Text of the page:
Brussels: NATO said its commanders were not
aware that Libyan dictator Muammar Gaddafi was in a convoy
that NATO bombed as it fled Sirte, as NATO`s governing body
gathered today to decide how to end its bombing campaign in
The success of NATO`s seven-month military operation in
Libya has helped reinvigorate the Cold War alliance and
polished the reputation of France and Britain, the two
countries that drove it forward. Analysts attributed its
success to the fact that NATO remained steadfast over the
summer during a long and grinding stalemate against Gaddafi
loyalists and avoided the temptation to send ground troops
In a statement today, the alliance said an initial
yesterday morning strike was aimed at a convoy of
approximately 75 armed vehicles leaving Sirte, the Libyan city
defended by Gaddafi loyalists. One vehicle was destroyed,
which resulted in the convoy`s dispersal.
Another jet then engaged approximately 20 vehicles that
were driving at great speed towards the south, destroying or
damaging about 10 of them.
"We later learned from open sources and allied
intelligence that Gaddafi was in the convoy and that the
strike likely contributed to his capture," the statement said.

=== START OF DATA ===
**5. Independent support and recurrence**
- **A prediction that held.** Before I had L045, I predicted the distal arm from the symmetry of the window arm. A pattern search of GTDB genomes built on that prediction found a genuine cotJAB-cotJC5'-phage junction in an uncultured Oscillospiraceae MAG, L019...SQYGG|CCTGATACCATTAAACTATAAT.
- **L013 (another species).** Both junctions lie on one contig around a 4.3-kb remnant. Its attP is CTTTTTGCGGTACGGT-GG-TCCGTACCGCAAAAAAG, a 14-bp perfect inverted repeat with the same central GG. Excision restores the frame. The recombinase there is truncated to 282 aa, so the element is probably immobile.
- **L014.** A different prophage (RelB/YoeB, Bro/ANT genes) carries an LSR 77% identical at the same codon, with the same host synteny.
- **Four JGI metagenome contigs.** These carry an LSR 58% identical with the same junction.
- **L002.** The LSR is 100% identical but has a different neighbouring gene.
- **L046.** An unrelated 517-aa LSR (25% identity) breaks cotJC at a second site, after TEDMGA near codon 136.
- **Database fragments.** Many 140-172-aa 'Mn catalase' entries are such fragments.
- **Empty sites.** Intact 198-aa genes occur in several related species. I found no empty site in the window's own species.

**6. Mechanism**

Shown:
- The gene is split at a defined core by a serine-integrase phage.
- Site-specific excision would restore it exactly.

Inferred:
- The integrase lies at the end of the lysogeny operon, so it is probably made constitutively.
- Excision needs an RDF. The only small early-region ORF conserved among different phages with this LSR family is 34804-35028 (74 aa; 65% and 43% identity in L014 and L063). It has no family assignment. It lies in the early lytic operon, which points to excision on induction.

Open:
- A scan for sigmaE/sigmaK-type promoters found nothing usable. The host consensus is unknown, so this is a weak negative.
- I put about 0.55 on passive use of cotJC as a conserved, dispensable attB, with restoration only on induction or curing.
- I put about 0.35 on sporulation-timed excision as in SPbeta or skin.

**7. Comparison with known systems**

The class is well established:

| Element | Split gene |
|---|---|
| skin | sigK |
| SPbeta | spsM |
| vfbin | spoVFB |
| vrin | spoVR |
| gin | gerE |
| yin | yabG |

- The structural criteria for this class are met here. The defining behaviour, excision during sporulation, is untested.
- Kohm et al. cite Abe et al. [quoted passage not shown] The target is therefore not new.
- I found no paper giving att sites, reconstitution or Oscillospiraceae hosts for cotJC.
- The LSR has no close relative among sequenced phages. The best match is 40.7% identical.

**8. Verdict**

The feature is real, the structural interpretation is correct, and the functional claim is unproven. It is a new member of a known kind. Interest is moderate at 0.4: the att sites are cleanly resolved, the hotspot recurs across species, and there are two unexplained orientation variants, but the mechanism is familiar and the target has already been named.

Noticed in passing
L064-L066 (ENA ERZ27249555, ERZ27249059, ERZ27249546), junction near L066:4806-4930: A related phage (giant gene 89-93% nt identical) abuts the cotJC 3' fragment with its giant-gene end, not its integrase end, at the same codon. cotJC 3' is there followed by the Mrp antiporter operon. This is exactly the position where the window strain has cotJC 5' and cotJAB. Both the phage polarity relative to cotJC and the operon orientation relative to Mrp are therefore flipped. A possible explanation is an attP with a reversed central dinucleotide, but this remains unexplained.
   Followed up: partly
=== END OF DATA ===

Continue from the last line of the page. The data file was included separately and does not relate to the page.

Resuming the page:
After Libya`s former rebels killed Gaddafi yesterday,
officials said they expected the aerial operation to end very
soon. But the North Atlantic Council may also decide to keep
air patrols flying for several more days until the security
situation on the ground stabilises.
The final decision will depend on the recommendation of
Adm Jim Stavridis, the supreme allied commander, and the
Military Committee, the highest military organ.
NATO`s Secretary-General Anders Fogh Rasmussen says the
end of the campaign "has now moved much closer." He has also
hailed the success of the mission, saying that it demonstrated
that the alliance continues to play an "indispensable" role in
confronting current and future security challenges.